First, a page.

May declines to provide details about the proposal being prepared. He says he anticipates this will be a collaborative effort with other institutions, not just the other R2 HBCUs submitting proposals. Weatherford notes that FAMU is already in discussions with several of the other R2 HBCUs and there is excitement about partnering.
The Air Force and DoD held a webinar in mid-July to provide insights on what is expected of this UARC. A Broad Agency Announcement (BAA) was expected in late August to solidify details on what the proposals should contain. BAAs are solicitation methods for research and development efforts. The government is looking for new and creative solutions to problems.
“The BAA will contain the technical challenge; research in tactical autonomy with three main lines of effort: Trust in Mission Autonomy, Collaboration Between Platforms and Human-Machine Teaming,” says McAndrews. “It will contain the minimum requirements for consortium development; coordination between members, distribution and management of funds and the process for adding/removing consortium members, to name a few.”
Additionally, the BAA will identify STEM education requirements, many of which the universities currently conduct.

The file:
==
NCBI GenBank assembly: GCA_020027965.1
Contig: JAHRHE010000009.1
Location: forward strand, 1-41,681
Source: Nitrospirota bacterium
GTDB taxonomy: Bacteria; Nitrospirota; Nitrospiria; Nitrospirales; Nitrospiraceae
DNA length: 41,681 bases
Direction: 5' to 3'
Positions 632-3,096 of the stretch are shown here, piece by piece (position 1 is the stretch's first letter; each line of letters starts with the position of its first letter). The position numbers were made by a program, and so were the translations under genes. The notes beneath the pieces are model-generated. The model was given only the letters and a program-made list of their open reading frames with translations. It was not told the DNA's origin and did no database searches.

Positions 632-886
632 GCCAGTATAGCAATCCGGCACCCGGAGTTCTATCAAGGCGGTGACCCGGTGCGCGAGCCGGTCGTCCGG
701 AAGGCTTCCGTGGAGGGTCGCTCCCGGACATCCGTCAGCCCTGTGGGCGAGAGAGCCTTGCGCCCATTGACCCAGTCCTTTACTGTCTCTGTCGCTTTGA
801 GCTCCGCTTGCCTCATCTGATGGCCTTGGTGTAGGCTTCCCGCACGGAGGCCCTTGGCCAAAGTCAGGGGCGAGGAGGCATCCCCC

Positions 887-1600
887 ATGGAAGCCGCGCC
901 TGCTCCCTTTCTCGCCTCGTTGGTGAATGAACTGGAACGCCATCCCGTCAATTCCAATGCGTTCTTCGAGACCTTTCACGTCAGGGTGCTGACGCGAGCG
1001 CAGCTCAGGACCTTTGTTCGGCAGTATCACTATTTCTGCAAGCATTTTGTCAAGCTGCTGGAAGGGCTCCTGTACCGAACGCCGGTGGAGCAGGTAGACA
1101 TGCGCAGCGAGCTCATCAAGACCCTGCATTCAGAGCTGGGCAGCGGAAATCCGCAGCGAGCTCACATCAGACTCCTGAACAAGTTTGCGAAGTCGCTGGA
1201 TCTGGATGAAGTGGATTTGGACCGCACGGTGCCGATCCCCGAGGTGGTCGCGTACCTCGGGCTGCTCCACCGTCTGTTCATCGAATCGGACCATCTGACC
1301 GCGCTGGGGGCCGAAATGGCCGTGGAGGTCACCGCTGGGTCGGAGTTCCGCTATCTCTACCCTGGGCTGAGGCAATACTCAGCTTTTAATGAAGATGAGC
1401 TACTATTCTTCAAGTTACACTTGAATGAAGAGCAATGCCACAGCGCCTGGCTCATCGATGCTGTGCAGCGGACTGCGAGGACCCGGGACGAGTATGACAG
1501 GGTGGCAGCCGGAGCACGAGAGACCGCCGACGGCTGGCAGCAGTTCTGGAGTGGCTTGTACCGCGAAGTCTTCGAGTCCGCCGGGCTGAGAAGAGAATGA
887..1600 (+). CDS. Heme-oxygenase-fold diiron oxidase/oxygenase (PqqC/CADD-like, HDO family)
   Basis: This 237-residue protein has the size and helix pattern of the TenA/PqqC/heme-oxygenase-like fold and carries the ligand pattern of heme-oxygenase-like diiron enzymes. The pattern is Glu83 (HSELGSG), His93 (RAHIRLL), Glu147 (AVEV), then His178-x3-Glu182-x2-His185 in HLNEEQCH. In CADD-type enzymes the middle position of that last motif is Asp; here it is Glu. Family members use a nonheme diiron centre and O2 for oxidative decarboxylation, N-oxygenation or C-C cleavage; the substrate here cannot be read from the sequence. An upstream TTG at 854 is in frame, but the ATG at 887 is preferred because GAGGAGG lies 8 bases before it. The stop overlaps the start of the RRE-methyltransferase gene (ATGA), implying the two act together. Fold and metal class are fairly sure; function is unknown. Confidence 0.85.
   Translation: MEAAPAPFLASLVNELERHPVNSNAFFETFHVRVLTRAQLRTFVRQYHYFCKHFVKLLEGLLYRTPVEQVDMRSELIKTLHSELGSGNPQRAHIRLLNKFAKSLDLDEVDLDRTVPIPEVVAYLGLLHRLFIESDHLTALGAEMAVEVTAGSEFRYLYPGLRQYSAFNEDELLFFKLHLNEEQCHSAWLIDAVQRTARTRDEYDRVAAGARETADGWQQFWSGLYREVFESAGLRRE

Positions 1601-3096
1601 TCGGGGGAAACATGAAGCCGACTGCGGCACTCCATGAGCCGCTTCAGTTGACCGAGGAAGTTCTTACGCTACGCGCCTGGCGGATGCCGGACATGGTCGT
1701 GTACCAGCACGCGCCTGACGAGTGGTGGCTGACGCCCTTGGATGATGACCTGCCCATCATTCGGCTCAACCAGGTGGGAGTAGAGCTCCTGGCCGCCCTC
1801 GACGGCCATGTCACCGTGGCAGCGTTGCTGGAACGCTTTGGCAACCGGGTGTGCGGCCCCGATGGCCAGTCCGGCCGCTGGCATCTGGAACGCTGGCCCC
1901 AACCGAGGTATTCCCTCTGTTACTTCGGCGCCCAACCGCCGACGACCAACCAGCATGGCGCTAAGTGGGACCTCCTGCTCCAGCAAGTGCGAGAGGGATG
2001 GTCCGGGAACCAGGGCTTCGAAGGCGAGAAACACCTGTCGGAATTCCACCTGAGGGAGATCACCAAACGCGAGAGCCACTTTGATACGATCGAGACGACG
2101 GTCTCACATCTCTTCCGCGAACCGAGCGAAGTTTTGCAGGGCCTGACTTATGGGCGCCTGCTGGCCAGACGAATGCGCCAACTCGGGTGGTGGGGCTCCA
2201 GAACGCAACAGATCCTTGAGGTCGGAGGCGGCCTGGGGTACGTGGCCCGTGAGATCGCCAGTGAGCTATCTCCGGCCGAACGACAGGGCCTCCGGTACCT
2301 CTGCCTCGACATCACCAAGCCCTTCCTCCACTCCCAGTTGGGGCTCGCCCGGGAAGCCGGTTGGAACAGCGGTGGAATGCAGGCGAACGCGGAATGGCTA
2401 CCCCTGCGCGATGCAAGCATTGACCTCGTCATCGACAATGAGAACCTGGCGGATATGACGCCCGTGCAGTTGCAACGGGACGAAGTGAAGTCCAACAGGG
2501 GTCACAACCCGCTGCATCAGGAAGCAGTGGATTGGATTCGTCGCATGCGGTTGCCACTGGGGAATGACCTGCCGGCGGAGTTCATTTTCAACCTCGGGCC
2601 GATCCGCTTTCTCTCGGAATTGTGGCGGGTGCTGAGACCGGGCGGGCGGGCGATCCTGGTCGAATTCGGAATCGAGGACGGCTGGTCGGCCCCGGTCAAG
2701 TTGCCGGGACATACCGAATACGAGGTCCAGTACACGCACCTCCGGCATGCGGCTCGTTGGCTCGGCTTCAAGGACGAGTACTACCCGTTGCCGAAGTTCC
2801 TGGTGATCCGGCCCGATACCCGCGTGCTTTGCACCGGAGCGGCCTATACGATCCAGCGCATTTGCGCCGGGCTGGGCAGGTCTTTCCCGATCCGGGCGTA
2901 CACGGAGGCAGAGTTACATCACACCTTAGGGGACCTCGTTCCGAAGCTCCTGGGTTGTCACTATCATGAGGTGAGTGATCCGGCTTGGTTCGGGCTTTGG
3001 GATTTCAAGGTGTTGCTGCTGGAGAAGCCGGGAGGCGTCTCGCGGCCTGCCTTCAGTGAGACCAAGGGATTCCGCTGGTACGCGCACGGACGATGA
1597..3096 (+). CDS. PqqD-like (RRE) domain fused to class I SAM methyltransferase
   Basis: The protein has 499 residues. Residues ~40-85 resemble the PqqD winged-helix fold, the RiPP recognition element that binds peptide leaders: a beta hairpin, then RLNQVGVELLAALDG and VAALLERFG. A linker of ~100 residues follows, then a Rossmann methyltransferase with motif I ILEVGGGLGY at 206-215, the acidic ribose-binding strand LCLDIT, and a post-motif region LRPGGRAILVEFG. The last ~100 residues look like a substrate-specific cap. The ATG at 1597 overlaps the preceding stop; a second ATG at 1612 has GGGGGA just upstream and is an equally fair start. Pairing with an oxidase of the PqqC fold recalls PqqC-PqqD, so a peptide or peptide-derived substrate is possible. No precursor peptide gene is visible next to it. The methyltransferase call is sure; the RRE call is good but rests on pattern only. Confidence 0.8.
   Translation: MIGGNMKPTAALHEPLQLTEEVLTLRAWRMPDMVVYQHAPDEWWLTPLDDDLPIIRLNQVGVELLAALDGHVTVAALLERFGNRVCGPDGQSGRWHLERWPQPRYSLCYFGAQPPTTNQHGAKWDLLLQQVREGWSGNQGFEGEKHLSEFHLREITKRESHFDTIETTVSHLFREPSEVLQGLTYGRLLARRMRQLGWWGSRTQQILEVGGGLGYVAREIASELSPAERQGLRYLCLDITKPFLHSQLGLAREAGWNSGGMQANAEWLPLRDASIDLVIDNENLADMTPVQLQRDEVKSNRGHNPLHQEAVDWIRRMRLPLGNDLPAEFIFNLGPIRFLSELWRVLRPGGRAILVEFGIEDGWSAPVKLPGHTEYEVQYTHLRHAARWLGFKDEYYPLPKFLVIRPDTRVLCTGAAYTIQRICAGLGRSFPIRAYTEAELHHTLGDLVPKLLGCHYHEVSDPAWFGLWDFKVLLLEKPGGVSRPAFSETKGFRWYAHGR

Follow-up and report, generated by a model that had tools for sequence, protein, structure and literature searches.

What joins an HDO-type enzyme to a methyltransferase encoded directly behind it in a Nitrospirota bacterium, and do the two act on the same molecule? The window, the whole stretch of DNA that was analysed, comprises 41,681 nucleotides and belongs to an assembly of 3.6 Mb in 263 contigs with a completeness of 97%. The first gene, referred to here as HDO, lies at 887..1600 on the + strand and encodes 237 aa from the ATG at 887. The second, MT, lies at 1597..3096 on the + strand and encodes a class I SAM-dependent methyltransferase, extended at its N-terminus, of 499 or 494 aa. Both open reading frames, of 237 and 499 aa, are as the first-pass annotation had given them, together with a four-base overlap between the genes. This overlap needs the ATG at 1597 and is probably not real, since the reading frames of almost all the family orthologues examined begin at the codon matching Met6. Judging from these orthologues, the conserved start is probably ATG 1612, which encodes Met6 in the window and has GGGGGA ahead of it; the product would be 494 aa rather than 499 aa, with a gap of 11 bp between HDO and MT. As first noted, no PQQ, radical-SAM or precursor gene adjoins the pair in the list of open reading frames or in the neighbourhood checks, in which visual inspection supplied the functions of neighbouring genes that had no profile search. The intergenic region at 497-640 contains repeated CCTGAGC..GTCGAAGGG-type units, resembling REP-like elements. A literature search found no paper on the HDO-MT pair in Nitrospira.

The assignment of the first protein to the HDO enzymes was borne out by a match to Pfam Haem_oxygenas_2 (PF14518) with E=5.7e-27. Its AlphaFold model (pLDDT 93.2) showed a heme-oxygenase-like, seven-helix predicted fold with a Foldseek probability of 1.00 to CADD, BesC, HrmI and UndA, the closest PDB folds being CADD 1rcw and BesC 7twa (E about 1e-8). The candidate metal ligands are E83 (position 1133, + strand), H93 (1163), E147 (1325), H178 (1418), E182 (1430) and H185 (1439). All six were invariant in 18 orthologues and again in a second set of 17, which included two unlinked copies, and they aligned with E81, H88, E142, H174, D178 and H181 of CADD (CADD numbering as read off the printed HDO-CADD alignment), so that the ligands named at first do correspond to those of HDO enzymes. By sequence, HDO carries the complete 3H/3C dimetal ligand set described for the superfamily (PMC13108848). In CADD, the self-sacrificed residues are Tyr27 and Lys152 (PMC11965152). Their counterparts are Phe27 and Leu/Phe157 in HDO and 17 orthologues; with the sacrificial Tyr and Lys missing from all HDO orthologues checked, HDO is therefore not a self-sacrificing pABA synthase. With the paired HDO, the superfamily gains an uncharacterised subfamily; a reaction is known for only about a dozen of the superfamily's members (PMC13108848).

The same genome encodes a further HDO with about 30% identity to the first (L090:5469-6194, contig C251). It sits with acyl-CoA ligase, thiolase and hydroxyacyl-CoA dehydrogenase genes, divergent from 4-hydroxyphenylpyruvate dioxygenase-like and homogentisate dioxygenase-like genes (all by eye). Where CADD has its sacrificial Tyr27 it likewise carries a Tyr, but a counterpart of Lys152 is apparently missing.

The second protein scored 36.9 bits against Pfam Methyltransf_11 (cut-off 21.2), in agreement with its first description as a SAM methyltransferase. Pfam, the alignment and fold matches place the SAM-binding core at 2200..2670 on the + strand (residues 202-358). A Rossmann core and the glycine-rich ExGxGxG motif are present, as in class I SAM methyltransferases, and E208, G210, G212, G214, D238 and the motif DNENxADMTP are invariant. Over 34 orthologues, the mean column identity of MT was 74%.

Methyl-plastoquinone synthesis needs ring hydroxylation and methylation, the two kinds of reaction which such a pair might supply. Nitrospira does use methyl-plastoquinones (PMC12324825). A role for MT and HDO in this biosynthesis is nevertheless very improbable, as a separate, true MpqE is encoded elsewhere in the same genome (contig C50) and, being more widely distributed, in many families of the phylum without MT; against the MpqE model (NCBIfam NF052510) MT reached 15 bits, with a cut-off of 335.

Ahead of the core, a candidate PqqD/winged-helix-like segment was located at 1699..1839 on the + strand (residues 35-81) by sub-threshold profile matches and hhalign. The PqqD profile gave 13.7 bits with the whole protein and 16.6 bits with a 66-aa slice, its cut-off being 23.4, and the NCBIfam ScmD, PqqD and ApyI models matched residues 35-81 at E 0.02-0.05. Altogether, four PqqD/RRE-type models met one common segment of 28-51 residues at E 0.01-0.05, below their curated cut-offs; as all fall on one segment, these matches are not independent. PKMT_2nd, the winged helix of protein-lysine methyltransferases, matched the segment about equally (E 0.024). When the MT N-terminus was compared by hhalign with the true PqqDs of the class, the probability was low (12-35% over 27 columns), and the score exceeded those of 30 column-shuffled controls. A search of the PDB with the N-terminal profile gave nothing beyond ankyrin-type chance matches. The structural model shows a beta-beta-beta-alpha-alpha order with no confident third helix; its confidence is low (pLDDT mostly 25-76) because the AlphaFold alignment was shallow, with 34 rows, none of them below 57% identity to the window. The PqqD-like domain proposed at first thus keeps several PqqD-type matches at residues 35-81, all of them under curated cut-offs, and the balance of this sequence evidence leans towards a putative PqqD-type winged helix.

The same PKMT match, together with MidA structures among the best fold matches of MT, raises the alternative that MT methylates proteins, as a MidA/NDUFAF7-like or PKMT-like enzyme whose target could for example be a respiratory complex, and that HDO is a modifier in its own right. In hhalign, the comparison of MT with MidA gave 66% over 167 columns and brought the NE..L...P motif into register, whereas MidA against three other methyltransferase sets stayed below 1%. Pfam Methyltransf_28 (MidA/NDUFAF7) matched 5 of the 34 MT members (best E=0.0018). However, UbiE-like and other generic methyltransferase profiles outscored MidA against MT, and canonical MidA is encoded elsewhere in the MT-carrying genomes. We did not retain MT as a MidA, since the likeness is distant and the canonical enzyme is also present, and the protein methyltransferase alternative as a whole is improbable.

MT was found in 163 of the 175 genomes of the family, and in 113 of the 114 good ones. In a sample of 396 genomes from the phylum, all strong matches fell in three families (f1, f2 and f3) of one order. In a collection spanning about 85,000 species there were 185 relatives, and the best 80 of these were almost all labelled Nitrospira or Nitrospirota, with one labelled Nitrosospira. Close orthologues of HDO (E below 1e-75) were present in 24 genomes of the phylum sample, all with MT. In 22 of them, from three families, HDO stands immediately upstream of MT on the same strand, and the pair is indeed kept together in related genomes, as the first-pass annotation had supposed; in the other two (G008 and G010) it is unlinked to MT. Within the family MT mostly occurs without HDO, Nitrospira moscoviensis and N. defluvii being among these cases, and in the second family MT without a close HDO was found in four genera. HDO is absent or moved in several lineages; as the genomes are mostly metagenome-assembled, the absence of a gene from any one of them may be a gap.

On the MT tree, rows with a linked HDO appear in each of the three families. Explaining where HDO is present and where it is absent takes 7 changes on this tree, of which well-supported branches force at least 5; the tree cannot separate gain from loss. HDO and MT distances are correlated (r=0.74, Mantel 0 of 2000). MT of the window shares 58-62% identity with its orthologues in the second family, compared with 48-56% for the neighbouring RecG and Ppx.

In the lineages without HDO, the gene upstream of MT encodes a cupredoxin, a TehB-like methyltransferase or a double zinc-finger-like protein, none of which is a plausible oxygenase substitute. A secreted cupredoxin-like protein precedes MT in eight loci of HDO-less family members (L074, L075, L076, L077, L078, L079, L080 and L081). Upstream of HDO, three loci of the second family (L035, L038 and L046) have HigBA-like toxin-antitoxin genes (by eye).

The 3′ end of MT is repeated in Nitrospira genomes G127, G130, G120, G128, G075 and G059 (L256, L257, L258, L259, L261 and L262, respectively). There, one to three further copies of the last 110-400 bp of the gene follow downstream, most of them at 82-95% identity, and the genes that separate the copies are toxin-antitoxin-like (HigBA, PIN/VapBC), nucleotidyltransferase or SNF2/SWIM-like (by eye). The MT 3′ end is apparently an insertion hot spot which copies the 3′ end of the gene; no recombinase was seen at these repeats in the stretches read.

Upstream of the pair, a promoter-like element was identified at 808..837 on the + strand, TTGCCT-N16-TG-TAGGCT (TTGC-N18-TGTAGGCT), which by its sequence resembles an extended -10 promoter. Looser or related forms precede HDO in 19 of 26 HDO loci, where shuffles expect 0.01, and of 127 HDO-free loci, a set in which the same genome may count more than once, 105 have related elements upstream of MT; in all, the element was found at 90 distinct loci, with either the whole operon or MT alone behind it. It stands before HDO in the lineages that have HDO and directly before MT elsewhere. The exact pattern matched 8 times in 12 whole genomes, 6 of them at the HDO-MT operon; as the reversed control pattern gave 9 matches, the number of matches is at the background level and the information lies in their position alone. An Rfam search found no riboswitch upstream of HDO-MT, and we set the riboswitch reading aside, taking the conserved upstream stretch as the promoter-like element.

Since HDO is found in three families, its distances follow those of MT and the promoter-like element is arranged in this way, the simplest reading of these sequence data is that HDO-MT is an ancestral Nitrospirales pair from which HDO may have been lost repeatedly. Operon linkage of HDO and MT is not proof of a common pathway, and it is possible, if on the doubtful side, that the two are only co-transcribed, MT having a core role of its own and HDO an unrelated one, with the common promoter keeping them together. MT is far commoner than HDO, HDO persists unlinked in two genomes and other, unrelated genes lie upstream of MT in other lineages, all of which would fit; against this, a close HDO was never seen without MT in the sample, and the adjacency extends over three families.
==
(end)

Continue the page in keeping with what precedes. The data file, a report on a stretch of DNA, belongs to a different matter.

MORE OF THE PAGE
“It is going to allow us to train students to work in the national defense workforce,” says Weatherford. “We don’t really have the level of research engagement as some of the top PWI universities do. That’s part of what this is about, building infrastructure at HBCUs to allow us to more fully participate in the national research agenda, particularly that [of the] Department of Defense.
“I think they’re engaging an underutilized element of our national research enterprise that has tremendous potential,” he continues. “It’s a very appropriate and timely decision to do this.”
Reed expects that creating a UARC at an HBCU will help increase Air Force ROTC participation. She says that, while it is thriving at Morgan State — which had a record seven lieutenants commissioned this past spring — several Air Force ROTC programs closed at HBCUs due to lack of interest. Particularly because the Air Force and Space Force want officers with STEM training, a UARC center could attract students. It will also help make STEM students highly competitive when entering the workforce.
“Investing in an HBCU helps the Air Force and Space Force to stay that superpower that we are right now, leading in technology, science and engineering and propelling us in those areas,” says Reed. “If we build that center at an HBCU, we see that we have untapped potential, that’s going to propel us to move forward and stay in the forefront of the mission that’s in front of us.”